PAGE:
Salt is used instead of soy sauce, and in barbecues like this one here, it makes the spices pop even more.

Uyghurs are almost always Muslim, so beef, goat, or lamb work really well here. 

You can make this hotter or milder, depending upon your tastes and whether you’re planning to feed little children. 

Pounded up & ready to go
If you are one of those unfortunate chile heads with kids, consider making a nice chile sauce like this one for the adults and rely on paprika for the dry rub.

Be sure and use plain ground chiles here, not Mexican chile powder. The flavors are—I admit—insanely similar. But you get to adjust the levels a bit more here by using fresh garlic instead of dried.

I love to make this in my heavy granite mortar, a beautiful bit of useful art I picked up at Rancho Gordo in Napa. 

These kind of things make cooking so much fun. They’re low tech and look seriously gorgeous on the counter. (Plus, the beans at Rancho are the best around.)
Peel off the inner membrane

Uyghur-style barbecued beef ribs
Xīnjiāng tànkăo níulègŭ 新疆炭烤牛肋骨
Makes 5 to 6 big ribs

About 2½ pounds | a little over 1 kg beef back ribs (do not cut apart)
2 large or 3 small cloves garlic
1 tablespoon ground toasted Sichuan peppercorns
1 tablespoon ground toasted cumin
1 tablespoon coarsely ground chiles (see headnotes)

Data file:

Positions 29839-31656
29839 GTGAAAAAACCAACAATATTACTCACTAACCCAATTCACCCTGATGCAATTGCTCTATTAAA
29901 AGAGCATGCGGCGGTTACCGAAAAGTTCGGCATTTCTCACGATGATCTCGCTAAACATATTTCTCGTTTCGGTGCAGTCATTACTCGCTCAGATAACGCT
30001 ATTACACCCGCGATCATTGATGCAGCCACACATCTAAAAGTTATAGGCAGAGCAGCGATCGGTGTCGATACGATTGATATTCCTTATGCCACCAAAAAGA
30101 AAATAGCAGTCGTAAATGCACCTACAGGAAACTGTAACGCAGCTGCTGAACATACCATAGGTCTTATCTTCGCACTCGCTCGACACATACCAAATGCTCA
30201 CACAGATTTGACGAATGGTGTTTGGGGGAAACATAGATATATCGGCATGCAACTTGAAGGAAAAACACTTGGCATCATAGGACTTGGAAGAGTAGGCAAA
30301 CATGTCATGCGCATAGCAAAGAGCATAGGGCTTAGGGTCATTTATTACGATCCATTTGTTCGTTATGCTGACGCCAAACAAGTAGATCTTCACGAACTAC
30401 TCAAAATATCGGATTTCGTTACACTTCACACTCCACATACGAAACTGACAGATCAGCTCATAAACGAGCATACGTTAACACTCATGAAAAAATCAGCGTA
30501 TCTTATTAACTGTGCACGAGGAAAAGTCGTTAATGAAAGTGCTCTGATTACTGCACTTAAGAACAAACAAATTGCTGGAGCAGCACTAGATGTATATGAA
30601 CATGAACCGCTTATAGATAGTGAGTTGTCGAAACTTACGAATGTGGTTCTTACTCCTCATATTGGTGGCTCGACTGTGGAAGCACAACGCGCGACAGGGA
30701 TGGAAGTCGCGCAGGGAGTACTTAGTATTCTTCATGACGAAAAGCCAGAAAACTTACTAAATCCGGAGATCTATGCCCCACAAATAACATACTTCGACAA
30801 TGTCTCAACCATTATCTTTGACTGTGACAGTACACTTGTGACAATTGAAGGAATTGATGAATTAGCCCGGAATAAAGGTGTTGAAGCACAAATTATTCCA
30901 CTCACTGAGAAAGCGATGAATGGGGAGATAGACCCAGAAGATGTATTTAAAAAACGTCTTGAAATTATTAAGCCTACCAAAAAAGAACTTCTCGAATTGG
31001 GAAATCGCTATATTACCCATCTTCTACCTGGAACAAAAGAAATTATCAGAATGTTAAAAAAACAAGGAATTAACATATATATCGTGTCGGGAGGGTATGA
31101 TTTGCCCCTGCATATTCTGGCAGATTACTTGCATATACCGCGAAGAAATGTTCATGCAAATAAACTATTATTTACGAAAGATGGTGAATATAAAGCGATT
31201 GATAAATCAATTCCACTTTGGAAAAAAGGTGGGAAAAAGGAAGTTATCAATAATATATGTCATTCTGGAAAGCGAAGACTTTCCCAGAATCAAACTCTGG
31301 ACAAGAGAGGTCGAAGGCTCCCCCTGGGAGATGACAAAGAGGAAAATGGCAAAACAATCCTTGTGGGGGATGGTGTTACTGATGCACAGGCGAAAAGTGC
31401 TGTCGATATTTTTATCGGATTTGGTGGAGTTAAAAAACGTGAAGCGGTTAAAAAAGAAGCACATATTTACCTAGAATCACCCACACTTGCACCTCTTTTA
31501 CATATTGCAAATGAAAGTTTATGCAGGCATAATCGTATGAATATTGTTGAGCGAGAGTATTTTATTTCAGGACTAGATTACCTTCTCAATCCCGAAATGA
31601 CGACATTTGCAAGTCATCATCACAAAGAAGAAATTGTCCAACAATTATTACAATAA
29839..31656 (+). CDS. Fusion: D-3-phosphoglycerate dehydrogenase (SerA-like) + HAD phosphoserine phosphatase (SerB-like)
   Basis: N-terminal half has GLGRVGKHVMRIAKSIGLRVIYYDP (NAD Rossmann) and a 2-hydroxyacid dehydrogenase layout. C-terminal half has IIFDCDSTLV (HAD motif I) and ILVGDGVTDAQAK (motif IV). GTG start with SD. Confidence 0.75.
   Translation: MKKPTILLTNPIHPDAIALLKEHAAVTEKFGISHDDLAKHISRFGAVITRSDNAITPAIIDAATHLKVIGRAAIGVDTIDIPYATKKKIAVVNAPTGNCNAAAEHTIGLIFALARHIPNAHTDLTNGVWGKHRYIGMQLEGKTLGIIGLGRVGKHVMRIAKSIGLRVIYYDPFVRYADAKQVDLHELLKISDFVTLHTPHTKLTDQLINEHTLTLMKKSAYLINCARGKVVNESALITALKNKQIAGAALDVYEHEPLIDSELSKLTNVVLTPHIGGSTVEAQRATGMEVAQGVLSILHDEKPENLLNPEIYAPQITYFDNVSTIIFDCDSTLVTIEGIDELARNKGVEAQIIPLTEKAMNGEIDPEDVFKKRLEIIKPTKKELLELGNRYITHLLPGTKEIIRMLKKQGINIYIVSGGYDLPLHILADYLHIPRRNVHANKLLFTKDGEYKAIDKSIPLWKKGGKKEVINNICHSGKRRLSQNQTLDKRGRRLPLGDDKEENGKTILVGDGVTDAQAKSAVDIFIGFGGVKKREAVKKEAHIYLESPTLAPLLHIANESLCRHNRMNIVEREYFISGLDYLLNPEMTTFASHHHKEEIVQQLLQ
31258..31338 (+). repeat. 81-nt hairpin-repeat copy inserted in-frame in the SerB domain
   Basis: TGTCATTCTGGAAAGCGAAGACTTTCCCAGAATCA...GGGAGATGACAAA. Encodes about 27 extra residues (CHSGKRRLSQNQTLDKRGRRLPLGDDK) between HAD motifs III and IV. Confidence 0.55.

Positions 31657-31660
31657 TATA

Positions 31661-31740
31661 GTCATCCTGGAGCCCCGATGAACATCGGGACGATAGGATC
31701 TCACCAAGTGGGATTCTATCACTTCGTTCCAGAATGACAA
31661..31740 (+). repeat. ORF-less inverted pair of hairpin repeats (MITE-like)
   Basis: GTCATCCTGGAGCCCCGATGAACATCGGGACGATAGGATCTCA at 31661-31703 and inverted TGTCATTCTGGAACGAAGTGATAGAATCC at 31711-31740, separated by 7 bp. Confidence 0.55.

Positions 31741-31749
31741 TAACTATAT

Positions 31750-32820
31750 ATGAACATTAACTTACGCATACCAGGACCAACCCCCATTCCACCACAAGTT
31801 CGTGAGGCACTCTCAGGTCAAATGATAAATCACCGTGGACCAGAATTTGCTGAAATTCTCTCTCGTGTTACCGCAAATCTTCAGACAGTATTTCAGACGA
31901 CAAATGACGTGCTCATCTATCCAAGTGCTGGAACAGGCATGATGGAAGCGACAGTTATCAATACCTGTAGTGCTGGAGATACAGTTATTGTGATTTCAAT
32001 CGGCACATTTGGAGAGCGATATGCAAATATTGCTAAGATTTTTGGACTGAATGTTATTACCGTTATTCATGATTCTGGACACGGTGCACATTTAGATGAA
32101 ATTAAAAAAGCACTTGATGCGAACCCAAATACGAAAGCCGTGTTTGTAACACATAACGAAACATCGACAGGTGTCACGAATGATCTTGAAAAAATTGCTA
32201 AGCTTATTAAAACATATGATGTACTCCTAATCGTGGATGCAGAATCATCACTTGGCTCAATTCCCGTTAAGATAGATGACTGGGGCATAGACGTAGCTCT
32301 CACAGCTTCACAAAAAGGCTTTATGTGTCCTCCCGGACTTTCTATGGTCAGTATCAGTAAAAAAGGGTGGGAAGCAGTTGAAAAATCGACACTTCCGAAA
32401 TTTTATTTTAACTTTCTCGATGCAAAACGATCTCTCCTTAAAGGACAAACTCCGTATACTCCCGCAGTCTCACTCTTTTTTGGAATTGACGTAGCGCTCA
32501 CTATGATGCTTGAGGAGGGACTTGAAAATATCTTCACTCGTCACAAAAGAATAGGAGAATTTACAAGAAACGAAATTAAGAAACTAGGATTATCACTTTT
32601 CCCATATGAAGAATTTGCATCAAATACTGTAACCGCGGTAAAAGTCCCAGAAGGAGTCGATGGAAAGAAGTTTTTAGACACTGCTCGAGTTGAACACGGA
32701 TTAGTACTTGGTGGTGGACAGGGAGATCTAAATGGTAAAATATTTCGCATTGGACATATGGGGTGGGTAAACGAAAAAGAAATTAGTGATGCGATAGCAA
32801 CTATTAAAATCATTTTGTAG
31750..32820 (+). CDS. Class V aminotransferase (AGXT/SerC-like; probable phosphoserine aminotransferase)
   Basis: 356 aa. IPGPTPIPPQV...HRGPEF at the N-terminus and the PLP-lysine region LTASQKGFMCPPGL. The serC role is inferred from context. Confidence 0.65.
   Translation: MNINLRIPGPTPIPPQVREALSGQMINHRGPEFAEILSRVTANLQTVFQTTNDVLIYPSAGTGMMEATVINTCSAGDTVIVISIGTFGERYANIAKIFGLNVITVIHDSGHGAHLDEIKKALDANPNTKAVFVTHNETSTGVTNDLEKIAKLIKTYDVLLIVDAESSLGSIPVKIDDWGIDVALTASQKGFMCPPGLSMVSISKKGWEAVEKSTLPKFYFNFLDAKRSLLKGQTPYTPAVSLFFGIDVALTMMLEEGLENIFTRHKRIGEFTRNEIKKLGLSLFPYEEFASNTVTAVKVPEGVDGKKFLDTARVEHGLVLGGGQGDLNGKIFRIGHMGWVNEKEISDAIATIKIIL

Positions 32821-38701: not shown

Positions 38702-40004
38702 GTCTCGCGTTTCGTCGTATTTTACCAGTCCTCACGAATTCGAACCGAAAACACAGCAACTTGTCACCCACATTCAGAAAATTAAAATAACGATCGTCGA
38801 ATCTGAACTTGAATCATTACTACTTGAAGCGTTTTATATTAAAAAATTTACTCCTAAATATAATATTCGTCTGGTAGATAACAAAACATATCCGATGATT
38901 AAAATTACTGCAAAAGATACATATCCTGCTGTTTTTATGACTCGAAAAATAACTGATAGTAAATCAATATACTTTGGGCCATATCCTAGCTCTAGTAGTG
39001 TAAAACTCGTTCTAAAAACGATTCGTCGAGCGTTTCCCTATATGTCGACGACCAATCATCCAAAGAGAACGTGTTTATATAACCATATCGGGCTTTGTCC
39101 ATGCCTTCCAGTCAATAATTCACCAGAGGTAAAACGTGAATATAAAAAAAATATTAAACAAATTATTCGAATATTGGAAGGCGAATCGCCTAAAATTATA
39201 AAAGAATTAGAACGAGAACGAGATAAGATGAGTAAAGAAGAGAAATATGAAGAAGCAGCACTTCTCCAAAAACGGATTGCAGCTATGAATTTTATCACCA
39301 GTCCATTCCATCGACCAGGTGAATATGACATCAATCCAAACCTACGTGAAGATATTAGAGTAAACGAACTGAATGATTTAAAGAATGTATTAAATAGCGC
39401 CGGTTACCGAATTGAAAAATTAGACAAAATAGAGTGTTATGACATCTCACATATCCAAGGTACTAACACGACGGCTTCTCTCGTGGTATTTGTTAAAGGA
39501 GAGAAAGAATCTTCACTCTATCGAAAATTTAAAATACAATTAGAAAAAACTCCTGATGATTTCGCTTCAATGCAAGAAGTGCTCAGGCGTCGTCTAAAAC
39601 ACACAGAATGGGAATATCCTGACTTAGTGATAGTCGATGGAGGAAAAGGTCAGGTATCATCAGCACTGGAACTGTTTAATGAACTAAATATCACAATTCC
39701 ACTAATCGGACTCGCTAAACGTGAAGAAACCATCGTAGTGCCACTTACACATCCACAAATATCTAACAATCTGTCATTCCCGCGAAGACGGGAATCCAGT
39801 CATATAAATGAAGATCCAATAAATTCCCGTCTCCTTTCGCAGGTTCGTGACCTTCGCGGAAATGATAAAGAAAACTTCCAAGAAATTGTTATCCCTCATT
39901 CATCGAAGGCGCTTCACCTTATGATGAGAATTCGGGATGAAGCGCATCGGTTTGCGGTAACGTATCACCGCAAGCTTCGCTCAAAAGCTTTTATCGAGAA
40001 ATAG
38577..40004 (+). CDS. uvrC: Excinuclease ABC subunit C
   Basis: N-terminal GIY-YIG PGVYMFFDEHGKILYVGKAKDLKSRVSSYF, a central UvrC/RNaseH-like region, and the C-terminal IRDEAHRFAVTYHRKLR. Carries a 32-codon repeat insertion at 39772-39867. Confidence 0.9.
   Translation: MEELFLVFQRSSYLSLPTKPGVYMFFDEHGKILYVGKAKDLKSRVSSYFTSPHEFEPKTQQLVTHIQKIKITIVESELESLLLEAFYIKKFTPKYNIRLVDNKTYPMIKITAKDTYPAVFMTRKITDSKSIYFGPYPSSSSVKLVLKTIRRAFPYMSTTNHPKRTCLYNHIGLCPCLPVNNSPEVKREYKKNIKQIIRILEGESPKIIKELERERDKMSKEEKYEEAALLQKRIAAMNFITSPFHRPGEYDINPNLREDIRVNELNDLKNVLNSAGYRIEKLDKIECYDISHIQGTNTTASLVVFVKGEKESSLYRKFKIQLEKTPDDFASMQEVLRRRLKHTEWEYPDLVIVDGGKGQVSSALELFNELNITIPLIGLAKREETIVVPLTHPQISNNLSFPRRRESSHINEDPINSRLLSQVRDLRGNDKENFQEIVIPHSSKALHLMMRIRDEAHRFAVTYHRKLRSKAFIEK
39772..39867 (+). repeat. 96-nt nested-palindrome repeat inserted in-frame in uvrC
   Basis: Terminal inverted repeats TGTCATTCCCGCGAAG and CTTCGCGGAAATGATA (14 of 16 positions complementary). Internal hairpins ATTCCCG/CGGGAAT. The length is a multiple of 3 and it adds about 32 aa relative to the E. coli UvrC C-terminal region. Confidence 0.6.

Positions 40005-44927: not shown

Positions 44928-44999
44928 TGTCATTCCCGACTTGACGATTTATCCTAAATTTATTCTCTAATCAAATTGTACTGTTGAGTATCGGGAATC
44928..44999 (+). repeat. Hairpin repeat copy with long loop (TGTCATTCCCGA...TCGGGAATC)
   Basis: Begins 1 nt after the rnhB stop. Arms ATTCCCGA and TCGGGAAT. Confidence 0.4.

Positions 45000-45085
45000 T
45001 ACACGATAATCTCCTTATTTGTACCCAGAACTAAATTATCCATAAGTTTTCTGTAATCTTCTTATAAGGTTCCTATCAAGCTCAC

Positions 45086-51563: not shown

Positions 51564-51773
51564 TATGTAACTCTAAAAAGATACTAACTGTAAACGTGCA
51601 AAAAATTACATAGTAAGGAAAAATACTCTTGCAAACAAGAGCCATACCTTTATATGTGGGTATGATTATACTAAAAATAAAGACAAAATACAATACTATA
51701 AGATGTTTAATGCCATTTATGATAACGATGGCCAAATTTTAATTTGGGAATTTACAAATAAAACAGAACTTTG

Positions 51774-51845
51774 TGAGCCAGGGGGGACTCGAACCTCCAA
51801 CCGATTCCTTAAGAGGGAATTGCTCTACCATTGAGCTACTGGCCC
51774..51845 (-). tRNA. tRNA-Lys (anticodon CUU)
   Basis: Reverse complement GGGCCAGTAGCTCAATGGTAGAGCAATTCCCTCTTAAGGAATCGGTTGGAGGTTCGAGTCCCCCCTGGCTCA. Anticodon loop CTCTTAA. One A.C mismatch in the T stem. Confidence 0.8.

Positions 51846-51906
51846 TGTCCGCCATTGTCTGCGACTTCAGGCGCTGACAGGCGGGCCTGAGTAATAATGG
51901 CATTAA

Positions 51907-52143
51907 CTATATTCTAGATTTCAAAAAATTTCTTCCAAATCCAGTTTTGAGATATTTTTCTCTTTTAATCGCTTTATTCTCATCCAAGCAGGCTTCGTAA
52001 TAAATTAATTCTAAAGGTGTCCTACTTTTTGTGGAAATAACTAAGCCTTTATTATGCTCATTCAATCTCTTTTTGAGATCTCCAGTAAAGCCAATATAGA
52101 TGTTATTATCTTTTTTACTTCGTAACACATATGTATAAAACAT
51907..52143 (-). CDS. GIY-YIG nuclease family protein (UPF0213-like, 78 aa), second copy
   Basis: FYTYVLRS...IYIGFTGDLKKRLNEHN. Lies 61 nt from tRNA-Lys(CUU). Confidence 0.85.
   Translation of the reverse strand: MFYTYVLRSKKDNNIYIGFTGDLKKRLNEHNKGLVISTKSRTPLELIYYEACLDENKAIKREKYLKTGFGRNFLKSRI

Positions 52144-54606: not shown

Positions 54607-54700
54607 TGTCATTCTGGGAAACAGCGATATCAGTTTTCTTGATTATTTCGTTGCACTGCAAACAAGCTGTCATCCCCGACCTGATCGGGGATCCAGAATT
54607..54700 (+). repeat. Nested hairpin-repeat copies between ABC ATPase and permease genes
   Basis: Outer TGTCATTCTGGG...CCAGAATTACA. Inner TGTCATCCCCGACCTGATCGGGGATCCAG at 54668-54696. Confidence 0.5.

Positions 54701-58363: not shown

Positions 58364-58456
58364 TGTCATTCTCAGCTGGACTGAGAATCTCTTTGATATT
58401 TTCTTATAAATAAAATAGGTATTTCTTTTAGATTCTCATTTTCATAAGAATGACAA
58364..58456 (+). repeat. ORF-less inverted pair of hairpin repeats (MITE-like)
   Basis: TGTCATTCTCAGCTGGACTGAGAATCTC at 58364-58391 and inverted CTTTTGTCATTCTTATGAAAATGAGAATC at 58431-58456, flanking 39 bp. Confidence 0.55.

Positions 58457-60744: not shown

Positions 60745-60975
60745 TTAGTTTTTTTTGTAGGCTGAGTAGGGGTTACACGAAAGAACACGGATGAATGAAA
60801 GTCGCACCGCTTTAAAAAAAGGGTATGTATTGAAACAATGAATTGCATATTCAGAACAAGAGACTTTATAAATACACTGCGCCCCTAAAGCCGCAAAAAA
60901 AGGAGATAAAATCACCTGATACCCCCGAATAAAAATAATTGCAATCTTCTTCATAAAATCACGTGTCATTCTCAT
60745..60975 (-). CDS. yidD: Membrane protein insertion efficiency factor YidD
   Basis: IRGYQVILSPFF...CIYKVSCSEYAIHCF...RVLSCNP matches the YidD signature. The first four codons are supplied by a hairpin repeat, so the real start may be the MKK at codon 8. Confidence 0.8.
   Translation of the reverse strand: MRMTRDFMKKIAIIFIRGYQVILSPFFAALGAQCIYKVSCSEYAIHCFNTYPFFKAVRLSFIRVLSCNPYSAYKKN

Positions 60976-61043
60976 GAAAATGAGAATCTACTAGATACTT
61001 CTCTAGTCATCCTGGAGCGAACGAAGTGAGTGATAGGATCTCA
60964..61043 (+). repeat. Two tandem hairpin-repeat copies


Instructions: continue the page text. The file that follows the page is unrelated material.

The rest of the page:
1 tablespoon coarse sea salt
About 2 tablespoons water

Squoosh in the rub
1. Pat the ribs dry and, again, don’t cut them apart, as that would make them dry out too quickly on the barbecue. Flip the ribs over so that you can see the bones. Use a paring knife and a paper towel to lift up one corner of the membrane covering the inside of the rib cage, and then remove it. Stab the meaty parts of the ribs on both sides all over so that the marinade can penetrate the meat.

2. Place the garlic, spices, and salt in a mortar and pound them together until you no longer can see the garlic. Add just enough water to make a thick paste.

3. Set the ribs in a rimmed dish and rub the marinade all over it, paying special attention to getting it into all of those little holes. Cover the dish with plastic wrap and marinate the ribs for at least a couple of hours and up to a day.

Marinate & then roast
4. Prepare your outdoor grill with the heat at about 250°C | 120°C. Spray the grate with oil and set the ribs meaty-side up. Cover and cook for about 2½ hours, flip, and cook for another half hour or so. Rest the meat for about 10 to 15 minutes, then cut between the bones and serve. Either the local pilaf or grilled breads would be great with this, alongside this delectable cilantro salad

Oven directions: Wrap the slab in foil and seal the edges so that the juices can't escape. Place the package in a rimmed pan and roast the ribs in the center of the oven at 250°C | 120°C for 3½ to 4 hours. Place the rack so the top of the ribs will be no closer than 1 inch | 2 cm from the broiling element and set the oven to broil. Open up the foil and then broil the ribs until the fat is golden and the crust crisps up, about 10 minutes. Remove from the oven and let the ribs rest for 10 to 15 minutes before cutting between the bones. 

Monday, June 25, 2018

Hainan's taro rice